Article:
An Introduction to Serverless Computing
As developers, we often agonize over the amount of time spent procuring resources, setting up environments, and performing all the other tasks that prevent us from doing what we love most: developing! While cloud-computing technologies have helped to address this problem by making it easy to acquire resources such as servers, computing power, and storage, the problem of setting up these complex application hosts still plagues us. To further compound the issue, maintaining these servers can be quite costly in terms of time and money. Fortunately, technology often rises to meet the needs of its users, and so we have our featured serverless architecture.
At a high level, the concept behind a serverless architecture is quite simple. Rather than forcing users to provision servers on which to run their code, vendors offer the ability for users to upload a function and the vendor takes care of the execution of that function. The vendor handles the acquisition of resources such as memory and computing power. These event-driven functions are ideal for asynchronous message processing. Furthermore, these functions can scale horizontally by instantiating additional copies of the code and running in parallel. In the Amazon Web Service (AWS) ecosystem, this Function as a Service (FaaS) offering is known as AWS Lambda. Integrated with other services, AWS Lambda offers developers a way to build a full web application without ever needing to spin up a server. Microsoft Azure has a parallel offering name Azure Functions that allow much of the same capability. Architectures that incorporate services like AWS Lambda and Azure Functions lend themselves to being micro-service oriented architectures, which offer many advantages.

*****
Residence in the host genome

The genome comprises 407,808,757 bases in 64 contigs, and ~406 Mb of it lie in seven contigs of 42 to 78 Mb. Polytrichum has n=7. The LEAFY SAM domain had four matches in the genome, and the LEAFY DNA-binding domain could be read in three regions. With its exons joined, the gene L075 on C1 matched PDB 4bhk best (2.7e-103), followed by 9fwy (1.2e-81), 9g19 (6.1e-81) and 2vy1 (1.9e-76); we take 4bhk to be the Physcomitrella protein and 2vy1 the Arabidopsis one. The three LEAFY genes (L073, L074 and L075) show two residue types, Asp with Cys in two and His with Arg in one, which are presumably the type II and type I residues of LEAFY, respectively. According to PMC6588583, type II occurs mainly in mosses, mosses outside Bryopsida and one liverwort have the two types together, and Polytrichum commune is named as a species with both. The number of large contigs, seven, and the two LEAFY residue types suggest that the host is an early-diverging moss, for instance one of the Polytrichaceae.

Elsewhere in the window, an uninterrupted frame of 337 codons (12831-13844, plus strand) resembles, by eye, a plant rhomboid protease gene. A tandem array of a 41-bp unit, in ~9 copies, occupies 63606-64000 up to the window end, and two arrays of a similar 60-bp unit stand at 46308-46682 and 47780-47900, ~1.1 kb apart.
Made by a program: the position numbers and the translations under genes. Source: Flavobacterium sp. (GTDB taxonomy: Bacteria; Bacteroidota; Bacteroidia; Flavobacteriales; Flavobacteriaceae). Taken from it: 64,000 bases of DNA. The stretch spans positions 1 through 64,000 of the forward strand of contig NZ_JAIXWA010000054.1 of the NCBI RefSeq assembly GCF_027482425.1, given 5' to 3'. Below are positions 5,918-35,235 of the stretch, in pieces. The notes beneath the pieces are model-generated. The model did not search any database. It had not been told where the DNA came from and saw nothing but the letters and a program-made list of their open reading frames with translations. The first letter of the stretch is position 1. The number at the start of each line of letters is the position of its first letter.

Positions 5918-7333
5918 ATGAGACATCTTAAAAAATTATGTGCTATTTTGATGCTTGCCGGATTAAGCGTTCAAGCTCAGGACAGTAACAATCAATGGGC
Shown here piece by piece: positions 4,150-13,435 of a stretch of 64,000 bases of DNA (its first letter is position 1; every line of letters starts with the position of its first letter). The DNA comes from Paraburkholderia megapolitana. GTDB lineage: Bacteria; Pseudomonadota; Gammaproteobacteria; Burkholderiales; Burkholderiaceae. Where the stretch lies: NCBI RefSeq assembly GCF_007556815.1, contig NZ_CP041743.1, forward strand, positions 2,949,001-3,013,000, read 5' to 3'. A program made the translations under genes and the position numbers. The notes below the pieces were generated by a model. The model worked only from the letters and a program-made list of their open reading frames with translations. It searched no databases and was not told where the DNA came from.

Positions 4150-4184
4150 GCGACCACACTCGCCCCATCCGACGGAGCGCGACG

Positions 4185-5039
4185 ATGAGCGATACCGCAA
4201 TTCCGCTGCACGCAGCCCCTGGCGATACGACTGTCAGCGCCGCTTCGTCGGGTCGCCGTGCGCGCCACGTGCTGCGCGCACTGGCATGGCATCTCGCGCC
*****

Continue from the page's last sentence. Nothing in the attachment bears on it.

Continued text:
From a developer perspective, the benefits are immediately apparent. However, from an enterprise point of view, how could a serverless architecture potentially be beneficial? From a cost perspective, serverless architectures can be significantly less expensive compared to the cost of keeping servers active in the cloud. For most if not all FaaS offerings, the number of function executions determines the majority of the computing cost. Consider a single component in an application that experiences limited usage, but is a necessary component. In a traditional cloud computing architecture, paying to maintain a server or more commonly a set of servers is likely a huge waste of money considering the application only uses the computing power sparsely. Often, applications primarily rely on server instances for mainly their computing power so logically it would be preferred and beneficial if the platform could abstract the details behind that acquiring that computing power.
However, as with all things in technology, serverless architectures are not without their own unique set of challenges and shortcomings. For example, the first real offerings of FaaS as we know them now only began appearing in 2015, making serverless computing a younger, less matured technology. Despite a growing community, the technology has not had the same amount of exposure for the in-depth support to exist. Serverless computing can also suffer from performance issues relating to slow initialization since the vendor needs to spin up resources for the function to run. Beyond performance issues, serverless architectures can be quite complex depending on the granularity of the functions. Debugging in a serverless architecture is quite challenging given the distributed nature of the application and furthermore, redesigning an existing application to make use of a serverless architecture is a non-trivial task. While these aforementioned challenges can be daunting, they are still very much conquerable.
Ultimately, serverless architectures have a lot to offer to existing and new applications. Despite its shortcomings, it an evolving technology that is gaining traction rapidly. Any developer looking to utilize a cloud environment should strongly consider incorporating a serverless architecture into their application design.